“My business is too small a target for cyber crime” - challenging the myth

If you’re an SME owner who finds cyber security daunting, time-consuming and irrelevant – you are not alone.

Blog written by the North East Business Resilience Centre (NEBRC).

A recent survey from the University of Sunderland has found that many small businesses do not feel that cyber security is a priority; are unclear on what they need to do to keep their company safe online; and often discount their vulnerability to certain types of attack.

This comes at a time where cyber crime is at an all-time high, with more employees working from home, and consumers buying online, than ever before - criminals have increased opportunities to victimise individuals.
And unfortunately, that is exactly what’s happening. Indeed, the pandemic has seen a 400% increase in cyber fraud, with small businesses, the self-employed and freelancers working from home the most at risk.

Put simply, small businesses must take steps to protect themselves. They need to be aware that they are at risk of cyber crime, and they need to take basic protective steps to defend their business.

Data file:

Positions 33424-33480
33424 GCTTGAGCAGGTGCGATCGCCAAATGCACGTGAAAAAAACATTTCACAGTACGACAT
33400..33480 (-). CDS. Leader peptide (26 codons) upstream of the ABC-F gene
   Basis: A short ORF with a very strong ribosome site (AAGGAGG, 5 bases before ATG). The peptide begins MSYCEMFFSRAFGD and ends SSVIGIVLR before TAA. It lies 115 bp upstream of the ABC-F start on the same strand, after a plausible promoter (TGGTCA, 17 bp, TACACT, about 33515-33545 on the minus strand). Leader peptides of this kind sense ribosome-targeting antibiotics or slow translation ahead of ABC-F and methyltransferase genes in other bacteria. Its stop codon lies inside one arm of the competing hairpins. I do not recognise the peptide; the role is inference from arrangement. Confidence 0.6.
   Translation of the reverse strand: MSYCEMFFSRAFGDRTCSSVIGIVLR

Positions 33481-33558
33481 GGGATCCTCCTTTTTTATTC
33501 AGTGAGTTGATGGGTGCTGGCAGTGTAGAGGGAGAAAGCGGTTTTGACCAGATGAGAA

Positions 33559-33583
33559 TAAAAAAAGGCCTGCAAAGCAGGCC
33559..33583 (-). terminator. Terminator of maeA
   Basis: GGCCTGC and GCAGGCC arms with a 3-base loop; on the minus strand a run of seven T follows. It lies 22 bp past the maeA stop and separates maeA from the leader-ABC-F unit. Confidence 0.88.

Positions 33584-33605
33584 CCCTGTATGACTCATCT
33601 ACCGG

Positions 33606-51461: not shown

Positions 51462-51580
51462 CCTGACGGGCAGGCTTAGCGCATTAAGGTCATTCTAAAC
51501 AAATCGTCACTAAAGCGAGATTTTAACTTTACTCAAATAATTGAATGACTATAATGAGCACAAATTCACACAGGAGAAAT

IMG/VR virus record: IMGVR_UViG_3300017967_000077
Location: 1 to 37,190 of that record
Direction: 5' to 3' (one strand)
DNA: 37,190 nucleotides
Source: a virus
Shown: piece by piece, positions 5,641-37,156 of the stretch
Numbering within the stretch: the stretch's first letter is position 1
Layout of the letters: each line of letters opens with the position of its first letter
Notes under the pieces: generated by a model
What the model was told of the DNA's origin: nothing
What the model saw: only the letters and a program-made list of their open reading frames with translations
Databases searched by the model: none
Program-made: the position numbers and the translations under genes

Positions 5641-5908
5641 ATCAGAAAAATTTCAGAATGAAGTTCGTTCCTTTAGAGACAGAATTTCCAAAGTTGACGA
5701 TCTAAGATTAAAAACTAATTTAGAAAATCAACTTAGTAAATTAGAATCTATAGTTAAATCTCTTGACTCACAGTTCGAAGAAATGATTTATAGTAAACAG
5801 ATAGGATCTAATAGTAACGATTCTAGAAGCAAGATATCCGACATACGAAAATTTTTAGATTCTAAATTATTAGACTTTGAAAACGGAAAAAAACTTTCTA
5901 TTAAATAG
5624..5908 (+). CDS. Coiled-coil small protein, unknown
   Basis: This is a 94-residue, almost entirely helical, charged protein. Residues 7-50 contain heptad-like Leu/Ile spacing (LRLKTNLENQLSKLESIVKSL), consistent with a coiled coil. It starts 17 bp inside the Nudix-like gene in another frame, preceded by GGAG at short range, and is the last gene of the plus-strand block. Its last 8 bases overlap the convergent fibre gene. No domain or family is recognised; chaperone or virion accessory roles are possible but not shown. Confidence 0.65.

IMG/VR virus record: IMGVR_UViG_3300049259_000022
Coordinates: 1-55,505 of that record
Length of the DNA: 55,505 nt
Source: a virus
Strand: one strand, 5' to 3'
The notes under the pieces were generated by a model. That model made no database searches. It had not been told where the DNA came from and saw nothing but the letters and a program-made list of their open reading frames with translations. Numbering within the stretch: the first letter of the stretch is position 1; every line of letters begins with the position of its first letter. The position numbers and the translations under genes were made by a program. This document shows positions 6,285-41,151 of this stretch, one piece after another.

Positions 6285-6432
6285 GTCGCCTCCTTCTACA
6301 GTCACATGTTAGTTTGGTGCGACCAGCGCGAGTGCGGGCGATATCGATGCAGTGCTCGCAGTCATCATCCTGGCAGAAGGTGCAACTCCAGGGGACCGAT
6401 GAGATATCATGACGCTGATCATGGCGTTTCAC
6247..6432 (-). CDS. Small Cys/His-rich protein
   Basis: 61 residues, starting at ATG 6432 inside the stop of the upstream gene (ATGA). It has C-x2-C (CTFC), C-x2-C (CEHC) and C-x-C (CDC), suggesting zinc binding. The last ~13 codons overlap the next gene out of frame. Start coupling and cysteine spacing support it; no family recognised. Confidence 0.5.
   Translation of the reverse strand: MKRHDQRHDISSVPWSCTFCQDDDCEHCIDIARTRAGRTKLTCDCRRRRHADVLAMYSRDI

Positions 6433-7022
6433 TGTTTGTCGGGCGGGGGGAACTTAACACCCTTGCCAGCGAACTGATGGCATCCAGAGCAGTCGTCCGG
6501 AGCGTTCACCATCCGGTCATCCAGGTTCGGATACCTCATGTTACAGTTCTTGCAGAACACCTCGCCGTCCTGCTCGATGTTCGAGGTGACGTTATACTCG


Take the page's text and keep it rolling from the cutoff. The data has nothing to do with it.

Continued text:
Martin Wilson, NEBRC Head of Student Services, is currently undertaking research at the University of Sunderland to identify some of the misconceptions SMEs have about their vulnerability and discover why this is the case.

Martin comments, “Many SMEs believe they are too small a target for cyber crime. This is a misconception. Businesses of all sizes are attacked by criminals and the business impacts can be really devastating.

"However, by implementing basic security practices SMEs can drastically improve their resilience and realise the many benefits of good cyber security, such as demonstrating to customers that you take cyber security seriously and are protecting their data.

“We want to promote these benefits and make sure businesses take up the offer of extremely valuable support from the police and its partners.”
Martin is hoping that further research with the University of Sunderland will enable the NEBRC to improve its SMEs engagement, not just within the region, but across the country.

Further reflecting on the findings of his recent research to date, Martin adds: “It is vital to our mission that we understand how best to work with and interact with SME’s to empower action and make a change. Above all, we want to instil reassurance - and not fear - regarding the need and benefits to cyber security for all.”